The 1915 CD lists approx. 30 Veterinarian surgeons, including Walter Curtis at 1264 W. 2d Street. Not clear how an animal hospital is defined or how the term was used in connection with the 9080 building; however, Dr. Curtis is listed in the '27 CD as affiliated with an animal hospital. Veterinarian A. Hubbell is also listed at that address. http://rescarta.lapl.org:8080/ResCar...00005/00000001http://rescarta.lapl.org:8080/ResCar...00007/00000004

NLA'ers may recall a recent post concerning Dr. Scott's Dog and Cat hospital, circa '25 on Sixth street and in Beverly Hills. http://www.skyscraperpage.com/forum/...ostcount=22761 http://www.skyscraperpage.com/forum/...ostcount=22761


http://digitallibrary.usc.edu/utils/...nce&DMROTATE=0
http://digitallibrary.usc.edu/utils/...nce&DMROTATE=0

Retired_in_Texas Aug 23, 2014 11:56 PM

Quote:

Originally Posted by so-cal-bear (Post 6702835)
Hope that sheriff gets pulled over for driving on those bald as an eagle front tires on the left!

https://imagizer.imageshack.us/v2/60...673/5xiVuX.jpg

I didn't realize the Maypop Brand of tires was popular with law enforcement. :)

I found it more remarkable the vintage of the cars themselves given the 1935 plates. The one on the left in the photo appears to be a 1932 model, not well cared for given the side wind deflector is missing. The one on the right is either a 1930 or 1931 model.

Tourmaline Aug 24, 2014 1:57 AM

Quote:

Originally Posted by Retired_in_Texas (Post 6702982)
https://imagizer.imageshack.us/v2/60...673/5xiVuX.jpg

I didn't realize the Maypop Brand of tires was popular with law enforcement. :)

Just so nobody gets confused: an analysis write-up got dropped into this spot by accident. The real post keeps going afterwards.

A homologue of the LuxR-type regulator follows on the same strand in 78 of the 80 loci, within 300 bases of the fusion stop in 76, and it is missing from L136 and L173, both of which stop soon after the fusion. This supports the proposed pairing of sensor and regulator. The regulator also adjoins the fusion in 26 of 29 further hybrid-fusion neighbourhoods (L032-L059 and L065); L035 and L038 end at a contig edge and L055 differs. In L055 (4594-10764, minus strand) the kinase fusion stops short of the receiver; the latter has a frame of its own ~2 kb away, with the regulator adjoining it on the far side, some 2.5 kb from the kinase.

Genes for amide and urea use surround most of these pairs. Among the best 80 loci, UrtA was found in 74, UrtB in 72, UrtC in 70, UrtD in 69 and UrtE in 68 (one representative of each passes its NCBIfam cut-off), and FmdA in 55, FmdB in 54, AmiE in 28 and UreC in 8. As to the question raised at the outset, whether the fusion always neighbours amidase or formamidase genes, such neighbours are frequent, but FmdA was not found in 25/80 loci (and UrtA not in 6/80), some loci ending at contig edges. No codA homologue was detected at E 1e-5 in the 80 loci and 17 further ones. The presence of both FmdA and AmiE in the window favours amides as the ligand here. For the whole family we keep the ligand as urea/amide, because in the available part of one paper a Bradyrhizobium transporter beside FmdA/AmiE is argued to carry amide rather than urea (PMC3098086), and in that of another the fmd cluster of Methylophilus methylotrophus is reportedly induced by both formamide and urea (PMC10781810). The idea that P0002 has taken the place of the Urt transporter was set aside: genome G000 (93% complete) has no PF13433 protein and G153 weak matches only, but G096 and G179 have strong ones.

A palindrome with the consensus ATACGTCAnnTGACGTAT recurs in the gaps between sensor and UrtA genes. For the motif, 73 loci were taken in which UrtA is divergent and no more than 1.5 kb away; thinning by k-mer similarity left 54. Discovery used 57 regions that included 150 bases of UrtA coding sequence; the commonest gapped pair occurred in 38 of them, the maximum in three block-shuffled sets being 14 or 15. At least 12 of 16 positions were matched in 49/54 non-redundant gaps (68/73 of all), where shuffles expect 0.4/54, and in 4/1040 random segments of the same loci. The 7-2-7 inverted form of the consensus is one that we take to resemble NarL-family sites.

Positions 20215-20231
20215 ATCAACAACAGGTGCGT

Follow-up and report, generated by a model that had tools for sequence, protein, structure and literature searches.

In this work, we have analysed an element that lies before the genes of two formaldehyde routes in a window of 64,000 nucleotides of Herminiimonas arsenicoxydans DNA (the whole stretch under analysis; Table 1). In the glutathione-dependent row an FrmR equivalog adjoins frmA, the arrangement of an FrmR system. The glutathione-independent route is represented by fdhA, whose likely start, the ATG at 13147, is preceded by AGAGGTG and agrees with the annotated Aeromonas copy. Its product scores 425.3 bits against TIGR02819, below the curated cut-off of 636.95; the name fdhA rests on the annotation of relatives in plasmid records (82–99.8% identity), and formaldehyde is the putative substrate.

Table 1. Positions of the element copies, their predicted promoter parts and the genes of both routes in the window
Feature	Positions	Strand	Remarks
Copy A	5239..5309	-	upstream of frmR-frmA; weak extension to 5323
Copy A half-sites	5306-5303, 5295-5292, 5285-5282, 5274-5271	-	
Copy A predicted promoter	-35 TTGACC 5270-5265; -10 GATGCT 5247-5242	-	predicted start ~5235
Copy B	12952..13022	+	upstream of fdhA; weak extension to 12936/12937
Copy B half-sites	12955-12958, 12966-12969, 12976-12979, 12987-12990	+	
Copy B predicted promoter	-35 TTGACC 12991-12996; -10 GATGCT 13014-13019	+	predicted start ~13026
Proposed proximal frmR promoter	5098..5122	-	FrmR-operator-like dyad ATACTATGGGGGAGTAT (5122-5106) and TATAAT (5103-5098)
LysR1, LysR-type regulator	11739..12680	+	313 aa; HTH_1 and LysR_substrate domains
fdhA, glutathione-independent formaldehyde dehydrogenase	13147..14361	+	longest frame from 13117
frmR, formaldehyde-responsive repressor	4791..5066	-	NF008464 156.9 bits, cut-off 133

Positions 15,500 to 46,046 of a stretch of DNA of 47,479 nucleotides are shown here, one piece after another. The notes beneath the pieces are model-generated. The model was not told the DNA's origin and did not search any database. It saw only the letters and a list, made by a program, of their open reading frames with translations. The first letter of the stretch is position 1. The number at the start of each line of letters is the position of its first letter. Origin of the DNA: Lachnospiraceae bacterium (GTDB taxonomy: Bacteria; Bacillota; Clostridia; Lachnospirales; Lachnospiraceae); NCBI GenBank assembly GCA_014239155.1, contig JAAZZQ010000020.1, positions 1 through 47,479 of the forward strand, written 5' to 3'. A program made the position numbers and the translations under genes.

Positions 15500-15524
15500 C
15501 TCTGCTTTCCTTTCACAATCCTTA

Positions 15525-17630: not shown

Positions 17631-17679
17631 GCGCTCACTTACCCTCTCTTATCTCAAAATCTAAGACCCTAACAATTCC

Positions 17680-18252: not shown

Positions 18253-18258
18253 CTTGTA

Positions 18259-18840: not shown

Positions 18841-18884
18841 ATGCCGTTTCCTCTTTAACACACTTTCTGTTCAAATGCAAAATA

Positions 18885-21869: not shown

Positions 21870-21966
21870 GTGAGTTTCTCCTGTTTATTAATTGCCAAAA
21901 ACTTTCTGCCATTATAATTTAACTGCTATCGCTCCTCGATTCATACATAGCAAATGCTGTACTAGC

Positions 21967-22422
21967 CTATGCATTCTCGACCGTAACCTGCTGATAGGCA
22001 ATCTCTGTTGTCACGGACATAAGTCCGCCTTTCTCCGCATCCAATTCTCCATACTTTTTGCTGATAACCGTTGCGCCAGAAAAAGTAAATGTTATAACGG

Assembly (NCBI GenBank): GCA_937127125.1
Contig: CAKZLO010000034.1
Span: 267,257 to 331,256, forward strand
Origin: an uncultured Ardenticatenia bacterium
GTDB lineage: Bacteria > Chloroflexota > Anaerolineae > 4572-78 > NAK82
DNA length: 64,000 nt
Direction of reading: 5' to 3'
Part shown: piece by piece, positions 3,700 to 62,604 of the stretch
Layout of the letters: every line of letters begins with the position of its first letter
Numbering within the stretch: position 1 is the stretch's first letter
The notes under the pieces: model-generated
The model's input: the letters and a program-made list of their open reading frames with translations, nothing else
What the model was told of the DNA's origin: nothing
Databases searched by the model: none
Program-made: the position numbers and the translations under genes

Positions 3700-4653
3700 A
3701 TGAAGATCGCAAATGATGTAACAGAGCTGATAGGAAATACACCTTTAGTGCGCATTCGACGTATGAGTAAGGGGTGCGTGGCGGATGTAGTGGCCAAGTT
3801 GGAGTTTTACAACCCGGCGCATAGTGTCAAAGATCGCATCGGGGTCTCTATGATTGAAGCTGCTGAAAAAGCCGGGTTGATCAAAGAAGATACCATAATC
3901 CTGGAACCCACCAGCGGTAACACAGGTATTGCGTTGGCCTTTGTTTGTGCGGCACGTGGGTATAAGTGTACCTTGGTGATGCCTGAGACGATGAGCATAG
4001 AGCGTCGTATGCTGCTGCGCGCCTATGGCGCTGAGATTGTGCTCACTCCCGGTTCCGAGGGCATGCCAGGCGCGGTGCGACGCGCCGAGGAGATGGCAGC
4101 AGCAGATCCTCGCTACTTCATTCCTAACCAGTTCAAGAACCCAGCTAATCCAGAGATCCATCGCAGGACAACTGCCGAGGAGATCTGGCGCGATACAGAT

I found it more remarkable the vintage of the cars themselves given the 1935 plates. The one on the left in the photo appears to be a 1932 model, not well cared for given the side wind deflector is missing. The one on the right is either a 1930 or 1931 model.


Given the times, writing tickets for faulty equipment was probably something that could keep the average traffic cop busy all day long - and then some. But in 1935, much of LA's population was still affected by the Depression and one might guess that Vehicle Code enforcement for missing tread was spotty if not somewhat arbitrary. (Just ask the Joad family.)

Respecting the pictured vehicles, budgets were tight in '35 and rumor has it that some of the pursuit vehicles were confiscated from "rum runners" or other fast miscreants. Yes, the Volstead Act was repealed prior to '35 . . .

http://1.bp.blogspot.com/-nSwRpPsQI2...movie_joad.jpghttp://1.bp.blogspot.com/-nSwRpPsQI2...movie_joad.jpg

1926 - (previously posted on NLA)
http://jpg2.lapl.org/pics33/00051430.jpghttp://jpg2.lapl.org/pics33/00051430.jpg


1930 - The Pasadena Police effect an arrest using radio.